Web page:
What does Elon Musk mean by when he says, “… Destination is Mars orbit. Will be in deep space for a billion years or so….”?
In early December, Elon Musk, the founder of SpaceX, CEO of Tesla, and countless other companies, tweeted that he will be launching his Roadster into Mars orbit using the Falcon Heavy rocket. In the same tweet, he says, “Will be in deep space for a billion years or so…” which may be confusing to some. I make this assumption because people may not be familiar with the phenomena of orbital decay. Orbital decay is, as the name implies, the decay of an orbiting satellite, both natural and artificial, such as a planet, a moon or the Hubble Space Telescope. The cause for this decay varies for there are four main causes of orbital decay.
The first massive cause is atmospheric drag. Atmospheric drag is the main cause when we are talking about satellites in a low-altitude orbit around Earth, around 160 to ~1000 kilometres off of the Earth’s surface. So, what in the atmosphere causes this drag? There is one simple answer, the interactions between the satellite and the atmospheric particles……..aka friction. One famous case of atmospheric drag is with the Hubble Space Telescope. Launched in 1990, the Hubble Space Telescope took thousands of breath-taking pictures of the universe from the Pillars of Creation to the Crab Nebula. However, the Hubble Space Telescope won’t be taking pictures forever. It is predicted by Ken Sembach, Director of the Space Telescope Science Institute, along with many other NASA engineers and scientists, that the Hubble Space Telescope will last until the late 2030’s if nothing is done to keep the telescope in orbit. And even before the telescope re-enters the Earth’s atmosphere, NASA would most likely push the telescope over the Pacific to avoid danger to the populations or push it into a more stable orbit (space.com and ipfs.io).
What also happened in the 1990s was an atmospheric drag experiment/test conducted by the Australian Government Bureau of Meteorology. In the experiment, they made a hypothetical satellite, 100 kilograms in weight and 1 square metre in size, at an initial height of 300 kilometres. As the days go on, one can see that the satellite slowly but surly decreases in height due to atmospheric drag, from initial height, 300 kilometres, to 289.9 kilometres in the matters of ten and a half days (sws.bom.gov.au).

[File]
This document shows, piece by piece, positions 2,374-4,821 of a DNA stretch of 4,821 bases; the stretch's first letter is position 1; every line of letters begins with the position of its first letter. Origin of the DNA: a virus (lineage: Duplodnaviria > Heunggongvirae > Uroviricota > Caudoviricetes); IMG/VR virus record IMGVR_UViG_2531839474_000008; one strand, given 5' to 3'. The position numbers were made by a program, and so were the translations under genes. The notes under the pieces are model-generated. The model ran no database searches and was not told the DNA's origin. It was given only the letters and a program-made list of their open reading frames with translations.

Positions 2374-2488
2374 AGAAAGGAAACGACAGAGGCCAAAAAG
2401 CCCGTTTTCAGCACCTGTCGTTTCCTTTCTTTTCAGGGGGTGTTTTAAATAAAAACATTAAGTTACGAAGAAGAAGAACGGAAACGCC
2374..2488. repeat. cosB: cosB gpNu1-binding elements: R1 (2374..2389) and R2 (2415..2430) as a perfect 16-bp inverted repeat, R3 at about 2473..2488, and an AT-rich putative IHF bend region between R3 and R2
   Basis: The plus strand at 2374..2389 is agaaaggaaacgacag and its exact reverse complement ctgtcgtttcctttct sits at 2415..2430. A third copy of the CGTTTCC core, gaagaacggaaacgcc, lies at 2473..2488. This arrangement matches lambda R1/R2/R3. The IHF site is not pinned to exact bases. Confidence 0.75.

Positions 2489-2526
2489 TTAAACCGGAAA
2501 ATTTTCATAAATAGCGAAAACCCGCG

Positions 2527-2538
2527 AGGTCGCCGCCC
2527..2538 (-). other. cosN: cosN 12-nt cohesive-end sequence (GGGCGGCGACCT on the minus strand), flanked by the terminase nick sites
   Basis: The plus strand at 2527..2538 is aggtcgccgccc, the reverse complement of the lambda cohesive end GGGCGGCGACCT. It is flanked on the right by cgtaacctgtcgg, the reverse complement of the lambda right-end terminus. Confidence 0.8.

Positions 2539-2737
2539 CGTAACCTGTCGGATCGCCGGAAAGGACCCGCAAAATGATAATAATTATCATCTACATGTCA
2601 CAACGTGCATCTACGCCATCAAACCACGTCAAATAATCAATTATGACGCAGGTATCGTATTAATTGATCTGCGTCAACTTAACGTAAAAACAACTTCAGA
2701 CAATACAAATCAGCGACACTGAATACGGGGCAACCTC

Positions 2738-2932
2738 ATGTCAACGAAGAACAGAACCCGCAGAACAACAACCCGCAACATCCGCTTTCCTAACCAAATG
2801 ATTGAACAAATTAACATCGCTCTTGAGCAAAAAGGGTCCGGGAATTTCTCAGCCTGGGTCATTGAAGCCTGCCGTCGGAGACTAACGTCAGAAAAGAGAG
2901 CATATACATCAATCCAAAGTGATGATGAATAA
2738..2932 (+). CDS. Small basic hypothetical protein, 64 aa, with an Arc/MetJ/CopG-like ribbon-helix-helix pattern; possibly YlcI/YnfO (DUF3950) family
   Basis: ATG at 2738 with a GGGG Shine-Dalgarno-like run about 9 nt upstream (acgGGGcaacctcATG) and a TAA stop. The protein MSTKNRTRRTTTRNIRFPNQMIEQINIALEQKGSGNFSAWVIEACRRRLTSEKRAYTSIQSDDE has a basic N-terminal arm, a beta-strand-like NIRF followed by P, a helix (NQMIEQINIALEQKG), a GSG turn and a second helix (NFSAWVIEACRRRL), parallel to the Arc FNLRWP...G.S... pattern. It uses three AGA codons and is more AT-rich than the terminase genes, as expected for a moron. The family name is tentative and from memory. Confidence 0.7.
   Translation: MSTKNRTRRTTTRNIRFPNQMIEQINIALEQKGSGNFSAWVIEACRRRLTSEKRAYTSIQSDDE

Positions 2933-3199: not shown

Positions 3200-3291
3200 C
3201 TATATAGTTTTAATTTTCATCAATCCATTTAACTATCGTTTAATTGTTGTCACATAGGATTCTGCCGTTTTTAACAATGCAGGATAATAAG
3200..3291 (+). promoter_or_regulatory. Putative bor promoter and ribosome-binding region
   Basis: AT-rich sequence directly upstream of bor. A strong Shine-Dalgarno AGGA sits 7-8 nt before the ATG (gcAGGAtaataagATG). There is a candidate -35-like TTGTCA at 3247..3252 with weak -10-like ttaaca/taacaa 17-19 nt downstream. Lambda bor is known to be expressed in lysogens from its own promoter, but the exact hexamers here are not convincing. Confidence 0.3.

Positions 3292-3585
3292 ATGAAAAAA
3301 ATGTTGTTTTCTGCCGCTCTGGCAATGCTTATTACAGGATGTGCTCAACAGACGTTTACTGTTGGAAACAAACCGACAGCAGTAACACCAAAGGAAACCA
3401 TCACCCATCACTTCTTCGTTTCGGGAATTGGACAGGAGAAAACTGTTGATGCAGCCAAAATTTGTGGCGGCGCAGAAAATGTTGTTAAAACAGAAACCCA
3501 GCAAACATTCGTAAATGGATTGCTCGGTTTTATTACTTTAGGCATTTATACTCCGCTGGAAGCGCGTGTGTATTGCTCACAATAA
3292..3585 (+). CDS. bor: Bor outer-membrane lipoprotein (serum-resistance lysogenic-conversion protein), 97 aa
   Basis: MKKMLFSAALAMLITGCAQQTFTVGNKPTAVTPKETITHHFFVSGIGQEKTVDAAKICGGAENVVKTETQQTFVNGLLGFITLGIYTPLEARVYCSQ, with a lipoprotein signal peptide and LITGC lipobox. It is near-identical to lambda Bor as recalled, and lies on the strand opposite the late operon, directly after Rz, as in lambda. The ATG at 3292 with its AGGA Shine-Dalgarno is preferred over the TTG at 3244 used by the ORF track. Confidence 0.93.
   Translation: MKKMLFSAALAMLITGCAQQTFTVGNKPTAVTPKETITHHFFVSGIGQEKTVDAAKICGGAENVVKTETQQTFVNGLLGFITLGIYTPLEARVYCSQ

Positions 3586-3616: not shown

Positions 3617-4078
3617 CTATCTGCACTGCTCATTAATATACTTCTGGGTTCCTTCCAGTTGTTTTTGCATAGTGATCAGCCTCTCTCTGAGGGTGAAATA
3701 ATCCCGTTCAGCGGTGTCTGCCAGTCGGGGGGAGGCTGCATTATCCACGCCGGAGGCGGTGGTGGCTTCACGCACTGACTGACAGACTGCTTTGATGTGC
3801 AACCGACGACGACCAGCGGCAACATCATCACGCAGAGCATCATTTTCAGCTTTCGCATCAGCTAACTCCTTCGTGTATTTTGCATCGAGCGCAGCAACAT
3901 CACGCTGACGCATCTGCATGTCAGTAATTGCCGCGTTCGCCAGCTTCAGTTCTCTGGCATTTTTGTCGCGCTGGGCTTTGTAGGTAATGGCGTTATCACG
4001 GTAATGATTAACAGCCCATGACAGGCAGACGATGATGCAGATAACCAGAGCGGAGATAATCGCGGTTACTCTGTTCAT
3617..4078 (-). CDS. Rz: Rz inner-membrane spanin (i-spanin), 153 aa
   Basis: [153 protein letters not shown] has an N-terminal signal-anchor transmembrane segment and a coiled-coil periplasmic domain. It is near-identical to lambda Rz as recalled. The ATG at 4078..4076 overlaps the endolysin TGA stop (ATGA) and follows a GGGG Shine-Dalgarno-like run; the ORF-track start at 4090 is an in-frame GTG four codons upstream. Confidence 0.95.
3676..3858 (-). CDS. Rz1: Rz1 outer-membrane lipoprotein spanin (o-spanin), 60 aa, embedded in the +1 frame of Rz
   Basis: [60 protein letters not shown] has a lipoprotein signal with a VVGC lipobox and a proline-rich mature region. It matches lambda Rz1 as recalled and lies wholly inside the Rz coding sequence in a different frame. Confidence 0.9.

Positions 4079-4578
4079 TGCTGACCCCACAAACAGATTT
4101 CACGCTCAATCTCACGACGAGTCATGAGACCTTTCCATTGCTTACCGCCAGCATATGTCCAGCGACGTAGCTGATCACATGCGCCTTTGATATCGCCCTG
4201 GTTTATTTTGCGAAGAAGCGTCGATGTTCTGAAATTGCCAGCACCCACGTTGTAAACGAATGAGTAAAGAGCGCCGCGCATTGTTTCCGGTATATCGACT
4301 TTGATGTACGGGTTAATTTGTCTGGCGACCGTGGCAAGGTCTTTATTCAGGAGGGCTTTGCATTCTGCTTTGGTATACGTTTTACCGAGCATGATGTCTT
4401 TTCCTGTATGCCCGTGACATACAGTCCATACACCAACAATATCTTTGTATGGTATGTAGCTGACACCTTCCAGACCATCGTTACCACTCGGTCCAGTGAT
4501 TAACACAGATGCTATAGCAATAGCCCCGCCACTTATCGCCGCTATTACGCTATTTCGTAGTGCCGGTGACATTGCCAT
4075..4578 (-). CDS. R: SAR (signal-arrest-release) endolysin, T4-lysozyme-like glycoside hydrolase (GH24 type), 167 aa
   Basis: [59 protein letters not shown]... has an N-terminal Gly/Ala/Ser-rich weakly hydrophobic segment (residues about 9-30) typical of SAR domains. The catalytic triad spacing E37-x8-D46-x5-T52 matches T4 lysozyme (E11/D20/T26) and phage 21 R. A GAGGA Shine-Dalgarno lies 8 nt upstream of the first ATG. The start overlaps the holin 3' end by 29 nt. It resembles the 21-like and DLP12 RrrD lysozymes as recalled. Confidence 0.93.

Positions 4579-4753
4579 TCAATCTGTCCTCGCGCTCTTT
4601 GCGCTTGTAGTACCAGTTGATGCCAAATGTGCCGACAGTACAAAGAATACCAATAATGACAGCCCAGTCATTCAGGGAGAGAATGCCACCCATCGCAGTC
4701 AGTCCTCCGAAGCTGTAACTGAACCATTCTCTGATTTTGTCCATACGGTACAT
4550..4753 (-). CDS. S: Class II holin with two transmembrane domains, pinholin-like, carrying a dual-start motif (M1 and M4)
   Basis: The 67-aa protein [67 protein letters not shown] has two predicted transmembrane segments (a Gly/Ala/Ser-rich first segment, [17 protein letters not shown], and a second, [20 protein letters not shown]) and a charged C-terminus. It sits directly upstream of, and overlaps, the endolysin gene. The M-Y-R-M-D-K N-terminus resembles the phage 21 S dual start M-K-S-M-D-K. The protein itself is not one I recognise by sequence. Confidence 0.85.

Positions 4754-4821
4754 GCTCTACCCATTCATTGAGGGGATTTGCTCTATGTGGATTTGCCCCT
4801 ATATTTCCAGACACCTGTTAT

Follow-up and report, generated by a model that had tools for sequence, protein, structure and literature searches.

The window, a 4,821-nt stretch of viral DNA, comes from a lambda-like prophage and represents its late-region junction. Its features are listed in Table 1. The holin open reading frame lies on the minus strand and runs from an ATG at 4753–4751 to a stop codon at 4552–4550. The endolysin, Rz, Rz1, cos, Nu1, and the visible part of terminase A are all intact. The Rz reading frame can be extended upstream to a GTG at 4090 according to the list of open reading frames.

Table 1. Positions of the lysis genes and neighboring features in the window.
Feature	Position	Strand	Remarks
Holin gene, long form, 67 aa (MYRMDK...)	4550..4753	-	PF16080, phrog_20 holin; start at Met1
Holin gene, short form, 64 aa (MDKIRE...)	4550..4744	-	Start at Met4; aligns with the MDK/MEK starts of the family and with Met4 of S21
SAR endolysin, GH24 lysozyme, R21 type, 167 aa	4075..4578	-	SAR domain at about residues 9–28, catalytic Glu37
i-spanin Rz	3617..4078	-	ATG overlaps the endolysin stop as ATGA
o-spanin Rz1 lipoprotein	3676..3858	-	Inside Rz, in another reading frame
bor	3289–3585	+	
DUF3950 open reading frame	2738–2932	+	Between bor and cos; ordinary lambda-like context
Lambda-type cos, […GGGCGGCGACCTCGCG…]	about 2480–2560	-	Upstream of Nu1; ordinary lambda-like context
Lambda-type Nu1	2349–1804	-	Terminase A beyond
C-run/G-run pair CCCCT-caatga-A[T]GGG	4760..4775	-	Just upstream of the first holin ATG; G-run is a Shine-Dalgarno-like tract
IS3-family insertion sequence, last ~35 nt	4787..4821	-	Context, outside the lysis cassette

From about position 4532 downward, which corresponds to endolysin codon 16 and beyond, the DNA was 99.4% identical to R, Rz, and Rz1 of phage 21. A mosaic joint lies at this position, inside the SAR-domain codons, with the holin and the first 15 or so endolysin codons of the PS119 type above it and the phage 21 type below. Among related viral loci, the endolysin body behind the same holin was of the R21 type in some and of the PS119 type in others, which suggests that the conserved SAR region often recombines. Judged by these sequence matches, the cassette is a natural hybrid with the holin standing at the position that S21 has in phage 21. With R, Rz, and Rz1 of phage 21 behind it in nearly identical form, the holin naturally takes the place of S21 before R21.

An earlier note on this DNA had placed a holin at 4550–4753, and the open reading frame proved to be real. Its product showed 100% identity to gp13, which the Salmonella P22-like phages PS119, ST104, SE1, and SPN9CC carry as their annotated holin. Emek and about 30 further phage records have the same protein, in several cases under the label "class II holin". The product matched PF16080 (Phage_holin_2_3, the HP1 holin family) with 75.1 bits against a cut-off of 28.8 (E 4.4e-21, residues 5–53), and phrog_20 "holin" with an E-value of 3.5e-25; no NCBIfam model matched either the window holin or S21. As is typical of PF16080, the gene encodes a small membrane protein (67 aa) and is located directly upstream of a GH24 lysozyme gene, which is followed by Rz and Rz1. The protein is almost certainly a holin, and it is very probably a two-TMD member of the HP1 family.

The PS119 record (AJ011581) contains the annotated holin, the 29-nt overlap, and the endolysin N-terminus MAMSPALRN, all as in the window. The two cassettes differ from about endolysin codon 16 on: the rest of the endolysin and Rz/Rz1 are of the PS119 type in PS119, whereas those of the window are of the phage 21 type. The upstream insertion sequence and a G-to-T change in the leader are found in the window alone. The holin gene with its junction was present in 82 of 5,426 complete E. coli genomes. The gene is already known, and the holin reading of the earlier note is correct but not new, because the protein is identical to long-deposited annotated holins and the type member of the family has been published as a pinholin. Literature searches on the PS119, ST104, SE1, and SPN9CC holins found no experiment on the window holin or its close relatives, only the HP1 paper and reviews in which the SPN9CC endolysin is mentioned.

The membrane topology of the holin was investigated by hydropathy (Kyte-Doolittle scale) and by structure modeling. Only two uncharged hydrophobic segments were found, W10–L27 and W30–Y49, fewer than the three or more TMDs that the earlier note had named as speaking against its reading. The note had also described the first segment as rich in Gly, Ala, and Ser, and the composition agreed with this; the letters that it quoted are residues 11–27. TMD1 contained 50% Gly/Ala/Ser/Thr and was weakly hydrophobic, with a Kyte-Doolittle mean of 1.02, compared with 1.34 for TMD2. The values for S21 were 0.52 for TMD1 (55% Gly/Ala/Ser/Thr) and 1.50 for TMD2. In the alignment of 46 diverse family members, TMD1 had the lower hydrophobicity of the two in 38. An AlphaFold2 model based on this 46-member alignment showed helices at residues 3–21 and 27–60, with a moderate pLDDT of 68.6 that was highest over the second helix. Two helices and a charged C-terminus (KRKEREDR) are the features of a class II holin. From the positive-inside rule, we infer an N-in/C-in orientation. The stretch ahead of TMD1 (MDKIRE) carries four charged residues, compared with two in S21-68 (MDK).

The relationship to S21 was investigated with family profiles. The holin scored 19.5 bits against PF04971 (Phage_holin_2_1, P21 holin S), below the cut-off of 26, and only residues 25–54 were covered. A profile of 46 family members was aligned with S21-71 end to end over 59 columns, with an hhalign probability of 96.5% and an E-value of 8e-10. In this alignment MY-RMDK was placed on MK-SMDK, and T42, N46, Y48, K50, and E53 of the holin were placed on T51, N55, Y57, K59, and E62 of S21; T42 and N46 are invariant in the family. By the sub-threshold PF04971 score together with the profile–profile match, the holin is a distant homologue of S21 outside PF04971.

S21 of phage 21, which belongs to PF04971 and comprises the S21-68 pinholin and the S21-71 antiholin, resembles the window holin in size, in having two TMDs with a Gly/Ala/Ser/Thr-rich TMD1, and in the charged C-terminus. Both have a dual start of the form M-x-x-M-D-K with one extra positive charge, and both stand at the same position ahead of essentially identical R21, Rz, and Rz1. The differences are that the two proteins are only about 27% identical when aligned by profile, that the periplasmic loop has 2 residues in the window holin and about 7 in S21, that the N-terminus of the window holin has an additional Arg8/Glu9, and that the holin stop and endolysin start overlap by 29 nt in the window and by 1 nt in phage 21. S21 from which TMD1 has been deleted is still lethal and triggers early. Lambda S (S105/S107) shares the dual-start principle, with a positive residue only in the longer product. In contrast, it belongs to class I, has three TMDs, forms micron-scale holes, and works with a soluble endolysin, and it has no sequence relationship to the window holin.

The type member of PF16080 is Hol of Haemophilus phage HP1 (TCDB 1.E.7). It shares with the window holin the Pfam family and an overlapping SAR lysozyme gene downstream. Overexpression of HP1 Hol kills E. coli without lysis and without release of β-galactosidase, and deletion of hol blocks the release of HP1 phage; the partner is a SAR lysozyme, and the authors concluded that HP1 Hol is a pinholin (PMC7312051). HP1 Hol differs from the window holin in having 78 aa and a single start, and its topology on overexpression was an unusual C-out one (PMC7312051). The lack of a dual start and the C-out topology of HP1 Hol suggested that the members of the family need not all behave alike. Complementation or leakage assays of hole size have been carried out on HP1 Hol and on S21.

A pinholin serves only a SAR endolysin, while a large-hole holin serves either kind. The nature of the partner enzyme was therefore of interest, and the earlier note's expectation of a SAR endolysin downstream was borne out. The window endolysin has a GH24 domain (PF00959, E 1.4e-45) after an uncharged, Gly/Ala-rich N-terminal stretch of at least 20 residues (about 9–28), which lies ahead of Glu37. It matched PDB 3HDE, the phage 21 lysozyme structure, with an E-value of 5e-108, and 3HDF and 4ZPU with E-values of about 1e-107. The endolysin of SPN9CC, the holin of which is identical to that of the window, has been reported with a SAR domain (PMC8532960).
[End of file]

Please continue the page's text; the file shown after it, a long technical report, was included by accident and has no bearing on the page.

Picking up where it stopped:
One other, rather surprising, cause of orbital decay is thermal energy. If the satellite is facing one radiation source, such as the Sun, then one side of the satellite will be hotter than the other. Because the distribution of heat is asymmetrical, it loses momentum. It loses momentum because the hotter side is re-emitting more photons than the much cooler side. As the time goes on, this loss of momentum takes a toll on the satellite’s orbit. For spinning satellites, there are two types of asymmetric thermal energy distribution: along the spin axis of the satellite (called summer-winter effects) and along its equator (called day-night effects). One example of this in action is with the LAGEOS, laser geodynamic satellite. LAGEOS’s orbit is diminishing because of the summer-winter effect which has not been noted (this effect, by the way, does not require a satellite to spin). What is really cool about this satellite is that it contains a Carl Sagan designed plaque with the continents arranged in Pangaea (268 million years ago), the present formation and the formation in 8.4 million years (shows the predicted arrangement). (nasa.gov and scielbo.br)
The next one effects natural satellites that will, in the end, destroy entire planets or moons. Tidal effects is when one more massive object, (we will call this primary body), bulges a smaller, less massive object, (this will be called secondary body), under the primary body’s strong gravitational pull. This attraction slowly degrades the orbit of the satellite. However, the secondary body must be in a retrograde orbit, an orbit going opposite of the primary body’s spin, or in a synchronous orbit, orbiting with the primary body’s spin and same average spin period. This can be seen in the system of 51 Pegasi, located in the Pegasus constellation. In this system, there is a “Jupiter-like planet” that has an extremely fast orbital period of 4.2 days. The planet would spiral into the star if there were more time. The reason it will not is because the star’s life will end before the orbit is completely diminished (ipfs.io and absabs.harvard.edu)
And finally, the last cause of orbital decay is gravitational radiation. Gravitational radiation happens on a massive scale with astronomical bodies that of neutron stars and black holes. When these gigantic objects orbit each other, they make ripples in spacetime, gravitational waves, which, in turn, degrades their orbits. When bodies like black holes merge, they create gravitational waves so powerful, that it can be detected over billions of light years away such as the first gravitational wave discovered in February of 2016. Not only black holes, but neutron stars, as mentioned earlier, can also create extremely powerful gravitational waves such as the waves detected in late 2017. Gravitational radiation produces incomprehensibly energetic events, so much energy in fact, that these gravitational waves are more powerful than all the light in the observable universe combined…….times TEN (actforlibraries.org and ligo.org)!!!!
In the end, the event of orbital decay is why in “a billion years or so…” that Tesla Roadster, Elon’s personal Tesla Roadster, will crash into the Red Planet.
: My name is Jason Pusic and I am a 15 year old science enthusiast. My interests primarily lay in physics, astronomy and astrophysics, but I am a fan of all sciences such as neuroscience, chemistry, evolutionary biology, etc. I hope everyone is loving what not only I post, but what all authors post on this magnificent website!